J. Phys. IV France
Volume 09, Numéro PR8, September 1999
Proceedings of the Twelfth European Conference on Chemical Vapour Deposition
Page(s) Pr8-1083 - Pr8-1090
Proceedings of the Twelfth European Conference on Chemical Vapour Deposition

J. Phys. IV France 09 (1999) Pr8-1083-Pr8-1090

DOI: 10.1051/jp4:19998135

Phase and surface roughness evolution for as-deposited LPCVD silicon films

C. Cobianu1, R. Plugaru1, N. Nastase1, S. Nastase1, C. Flueraru1, M. Modreanu1, J. Adamczevska2, W. Paszkowicz2, J. Auleytner2 and P. Cosmin3

1  Institute of Microtechnology Bucharest, P.O. Box 27-17, 77550 Bucharest, Romania
2  Institute of Physics, Polish Academy of Science, Al. Lotnikow 32/46, 02-668 Warsaw, Poland
3  Catalyst Semiconductor, 2231 Calle de Luna, Santa Clara, CA 95054, U.S.A.

In this paper we present a structural and morphological characterisation of the as-deposited low pressure chemically vapor deposited (LPCVD) silicon films prepared from silane. The results are related to the deposition kinetics in the temperature range from 500 to 615°C and the deposition pressure range from 20 to 100 Pa. From XRD measurements we show for the first time the presence of the polycrystalline state (of preferred <21 l> orientation) in as-deposited films prepared at temperatures as low as 500°C. This result was connected with an increase of the surface roughness of those films with respect to the roughness obtained on the surface of film prepared at 550°C. At 550°C, a minimum surface roughness of 0.5 nm is obtained and this was connected to the amorphous state of the layer revealed for all deposition pressures studied. At temperatures lower than 550°C, the <211> texture presents a decrease of the grain size as a function of pressure increase. At temperatures higher than 550°C, due to a competition in grain growth process, the <220> and <111> crystallites are also evinced in the film structure, while the surface roughness is rapidly increasing to value of 18-20 nm. These last results are explained in terms of three-dimensional nucleation processes at higher deposition temperatures. The atomic force microscopy (AFM) results support this idea by showing the increase of the number of surface asperities as a function of pressure and the strong decrease of that density as a function of deposition temperature.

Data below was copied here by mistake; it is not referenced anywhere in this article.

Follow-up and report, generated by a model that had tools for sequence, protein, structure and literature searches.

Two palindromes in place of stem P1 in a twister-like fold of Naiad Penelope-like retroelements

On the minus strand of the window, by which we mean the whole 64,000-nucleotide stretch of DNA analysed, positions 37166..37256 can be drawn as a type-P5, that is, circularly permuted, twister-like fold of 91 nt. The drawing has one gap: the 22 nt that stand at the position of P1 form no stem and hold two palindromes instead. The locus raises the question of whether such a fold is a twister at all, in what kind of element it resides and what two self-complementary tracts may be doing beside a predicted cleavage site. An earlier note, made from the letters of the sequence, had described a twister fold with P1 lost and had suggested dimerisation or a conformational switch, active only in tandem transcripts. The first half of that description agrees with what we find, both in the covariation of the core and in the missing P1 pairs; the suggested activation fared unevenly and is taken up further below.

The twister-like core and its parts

© EDP Sciences 1999